The Great Worship Hall in the Church of the Holy Sepulcher
Location – Church of the Holy Sepulcher
Map Coordinates - 31.778460, 35.229556
The largest chapel in the Church of the Holy Sepulcher is called the Catholicon. This is the main prayer hall of the Greek Orthodox church in Jerusalem.
The Omphalos Pedestal.
Toward the front of this chapel there is a short, rose-colored marble basin containing a circular stone marked with a cross. It’s called the Omphalos, a word that means navel. This Omphalos has been here for almost 1000 years.
What does it mean, and why was it put in this particular spot? It has always been a part of traditional Jewish thought that the entire city of Jerusalem is the center of the world. According to the Orthodox church, the location of both Jesus’ crucifixion and His resurrection is the center of the world. Positioned exactly equidistant between the place of His death and the place of His burial is this Omphalos – the center of the world – and more precisely, the center of the universe, at least from a spiritual perspective.
The Omphalos is exactly 21.8 meters (71.5 feet) from both the tomb of Jesus and the location of the cross.
The throne on the right.
This throne on the right side of the chapel is for the priest who controls the Greek Orthodox church in the Holy Land. He is called the Patriarch of Jerusalem.
The Throne on the left.
The throne on the left of the chapel is dedicated to the Patriarch of Antioch, which is a city in Southern Turkey.
The Analogion (lectern).
The lecterns on each side of the chapel are called the Analogion. It is where the priest reads Scripture, and lead his congregation in song and holy liturgy during Orthodox worship services.
The Iconostasis (the icon wall).
The wall in the front of the church is called an iconostasis, or icon stand, and virtually every Greek Orthodox church in the world has one. The iconostasis symbolically separates the main worship hall, which represents all of us on earth, from the sanctuary and the main altar behind the wall, which represents heaven. What is behind this wall is the holiest place in any Orthodox church, and only the priests are allowed to go back there, just like the priests used to do in the Jewish Temple Sanctuary and in the Holy of Holies. The iconostasis, that is this wall, represents our current separation from heaven.
Filling up the iconostasis, are icons. Those are the pictures that you see. Virtually every Greek Orthodox church in the world has icons.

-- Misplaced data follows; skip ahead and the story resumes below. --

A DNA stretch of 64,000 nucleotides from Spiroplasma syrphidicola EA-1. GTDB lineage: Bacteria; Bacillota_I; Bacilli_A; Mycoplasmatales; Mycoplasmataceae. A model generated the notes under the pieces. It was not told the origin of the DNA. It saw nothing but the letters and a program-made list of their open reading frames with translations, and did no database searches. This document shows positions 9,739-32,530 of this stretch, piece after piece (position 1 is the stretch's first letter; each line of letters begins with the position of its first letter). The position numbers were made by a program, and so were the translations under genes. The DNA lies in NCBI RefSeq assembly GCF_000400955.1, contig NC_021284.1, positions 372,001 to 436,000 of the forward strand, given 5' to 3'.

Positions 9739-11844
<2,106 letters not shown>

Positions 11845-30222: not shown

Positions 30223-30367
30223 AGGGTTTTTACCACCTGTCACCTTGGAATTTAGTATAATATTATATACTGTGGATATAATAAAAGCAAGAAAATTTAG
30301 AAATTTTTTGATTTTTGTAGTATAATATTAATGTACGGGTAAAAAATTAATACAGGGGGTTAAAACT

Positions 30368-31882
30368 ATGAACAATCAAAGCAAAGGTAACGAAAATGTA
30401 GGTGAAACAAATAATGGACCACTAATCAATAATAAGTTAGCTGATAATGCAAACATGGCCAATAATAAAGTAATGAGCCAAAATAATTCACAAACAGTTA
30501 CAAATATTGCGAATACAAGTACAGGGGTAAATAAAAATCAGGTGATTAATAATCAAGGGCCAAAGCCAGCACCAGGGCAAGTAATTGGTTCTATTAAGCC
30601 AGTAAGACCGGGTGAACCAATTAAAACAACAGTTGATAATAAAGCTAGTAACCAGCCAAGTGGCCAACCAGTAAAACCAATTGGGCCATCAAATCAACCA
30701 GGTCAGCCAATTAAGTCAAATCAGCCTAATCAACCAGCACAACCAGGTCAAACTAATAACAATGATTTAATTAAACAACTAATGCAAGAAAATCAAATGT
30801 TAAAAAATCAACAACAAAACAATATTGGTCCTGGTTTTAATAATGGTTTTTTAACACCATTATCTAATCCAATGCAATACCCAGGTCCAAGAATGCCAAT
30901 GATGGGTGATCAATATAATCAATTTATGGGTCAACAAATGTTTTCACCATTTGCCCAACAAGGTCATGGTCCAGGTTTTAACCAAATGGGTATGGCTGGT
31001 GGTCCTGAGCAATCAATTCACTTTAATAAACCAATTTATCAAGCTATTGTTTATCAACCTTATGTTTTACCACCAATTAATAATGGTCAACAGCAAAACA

What is an icon? An icon is religious painting. But the Orthodox churches don’t consider icons to be artwork. An icon, in one sense, is like an icon on your computer screen. Literally speaking, an icon is something that stands in the place of something else. That’s what it is on your computer, and that’s what it is here. An icon in a church is generally a picture of a person or a Biblical scene, but the icon is not the person. It merely represents the person who is being pictured. It’s a touchpoint for faithful Orthodox worshippers.
In both Orthodox and Catholic traditions, Saints from the past who have died are in heaven, and thus they are in proximity closer to God than we are. Just like you would ask a friend on earth to pray for you, so Orthodox and Catholic believers ask departed saints to pray for them as well. Both you and the saint in heaven are praying for the same thing. The icon represents the departed saint of whom you can ask for their prayerful assistance regarding any issue.
All throughout the Church of the Holy Sepulcher you see a lot of artwork, much of it depicting the image of Christ. This isn't related specifically to the Catholicon, but because there is so much artwork in the Holy Sepulcher, I thought it would be a good time to bring this up.
I’ve discovered only around three graphic depictions of Jesus that were made before the legalization of Christianity in 313 AD.
A very early engraving of Jesus
However, after the fifth century we see an explosion of Christian art depicting Jesus, the Father, the Holy Spirit, angels, a plethora of Biblical characters, and saints throughout history. There are several reasons for this upsurge of Christian art.
First, when Christianity became the official religion of the Roman empire, pagan craftsmen were converted to Christianity, and they just simply brought their skills over into the Church.
Secondly, the Church felt that it was free to use the talents of its members to draw images of Jesus, and that they were no longer bound to the Old Testament, legalistic prohibition against making images with a human likeness.
Third, the Church justified drawing images of Christ based on the fact that God was the One who first started the process of creating images when He Himself took on human form. Therefore, to draw a painting in the likeness of Jesus was essentially the same thing that Jesus Himself did when He became the image of God on earth.